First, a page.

HUD Multifamily Lending Update: Key Changes to MAP Guide
HUD’s Office of Multifamily Housing Programs published an updated and restructured Multifamily Housing Accelerated Processing Guide (MAP Guide) at the end of 2020. The 2020 MAP Guide went into effect in March 2021.
HUD's Map Guide establishes a national standard of policies and procedures for MAP-approved lenders to originate, prepare, underwrite, and submit loan applications for HUD-insured loans for multifamily properties. In addition, the MAP Guide provides guidance for HUD staff, lenders, third-party consultants, borrowers, and other industry participants.
The 2020 MAP Guide contains some significant changes that may impact HUD multifamily borrowers. In addition to making the three-year rule waiver permanent, updates include changes to the Green MIP program, project valuation calculations, and environmental testing.
1. Making the 3-Year Rule Waiver Permanent
HUD eliminated its Section 223(f) three-year rule, which used to require borrowers to have three years of operations after new construction or substantial rehabilitation before refinancing through HUD. Now, recently constructed or rehabilitated buildings are eligible for refinancing after only one month of meeting debt service coverage requirements. The new policy will make HUD 223(f) loans available to borrowers much sooner than before.
2. Changes to Green MIP Program
The new guide changes how Mortgage Insurance Premium (MIP) reductions can be achieved for existing Green certified projects. Previously, multifamily borrowers could reduce their MIP to 25 basis points with the Energy Star certification, which will largely no longer be accepted. HUD granted a two-year grace period allowing properties less than three years old to use the Energy Star certification but with stricter energy performance requirements.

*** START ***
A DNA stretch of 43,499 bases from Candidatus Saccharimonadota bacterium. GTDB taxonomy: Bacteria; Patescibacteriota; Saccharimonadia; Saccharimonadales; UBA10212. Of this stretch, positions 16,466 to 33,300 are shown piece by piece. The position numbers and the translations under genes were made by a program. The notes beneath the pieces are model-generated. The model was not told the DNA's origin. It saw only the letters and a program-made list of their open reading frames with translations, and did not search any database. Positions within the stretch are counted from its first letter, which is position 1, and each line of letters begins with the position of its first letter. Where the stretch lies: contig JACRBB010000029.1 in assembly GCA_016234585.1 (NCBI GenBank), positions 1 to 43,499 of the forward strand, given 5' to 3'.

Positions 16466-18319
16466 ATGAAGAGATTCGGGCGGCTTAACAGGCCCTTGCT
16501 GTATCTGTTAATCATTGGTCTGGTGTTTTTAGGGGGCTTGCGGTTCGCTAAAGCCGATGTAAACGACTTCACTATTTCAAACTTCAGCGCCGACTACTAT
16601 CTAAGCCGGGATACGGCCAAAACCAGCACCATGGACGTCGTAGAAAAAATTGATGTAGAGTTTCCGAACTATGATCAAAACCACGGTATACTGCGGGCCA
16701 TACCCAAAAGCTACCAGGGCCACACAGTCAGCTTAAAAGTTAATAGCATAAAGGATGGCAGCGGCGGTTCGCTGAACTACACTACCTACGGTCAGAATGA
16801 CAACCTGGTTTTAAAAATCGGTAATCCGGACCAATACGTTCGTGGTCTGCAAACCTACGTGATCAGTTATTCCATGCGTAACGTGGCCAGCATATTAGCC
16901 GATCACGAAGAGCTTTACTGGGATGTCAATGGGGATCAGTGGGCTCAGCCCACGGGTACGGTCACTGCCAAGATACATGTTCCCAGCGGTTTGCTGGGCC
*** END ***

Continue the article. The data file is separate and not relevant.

Going forward, owners seeking Green MIP reductions on existing projects will need to apply for another of the approved certification programs, such as NGBS or EarthCraft, which will require energy repairs resulting in utility savings of at least 15%.
3. Project Valuations
HUD is now allowing borrowers to leverage Cost Not Attributable (CNA) as well as 100% of land value on all 223(f) deals including market-rate properties. This critical change recognizes rapidly increasing property values and should lead to increased opportunities, particularly in urban markets where costs are high. In the 2016 MAP Guide, value limitations were in place for properties or land that were purchased within three years from the loan application. The new Guide eliminated those value limitations and now the standard is market value as supported by an appraisal.
4. Increased Radon and Asbestos Testing
The new guide calls for increased radon testing — requiring 100% of all ground-floor units, and 10% of upper units, to be tested in ALL radon zones. This is an increase from the 2016 guide which required only 25% of units on the ground floor to be tested. Asbestos testing is now required for properties built before 1989 versus 1978 which was in the previous guide.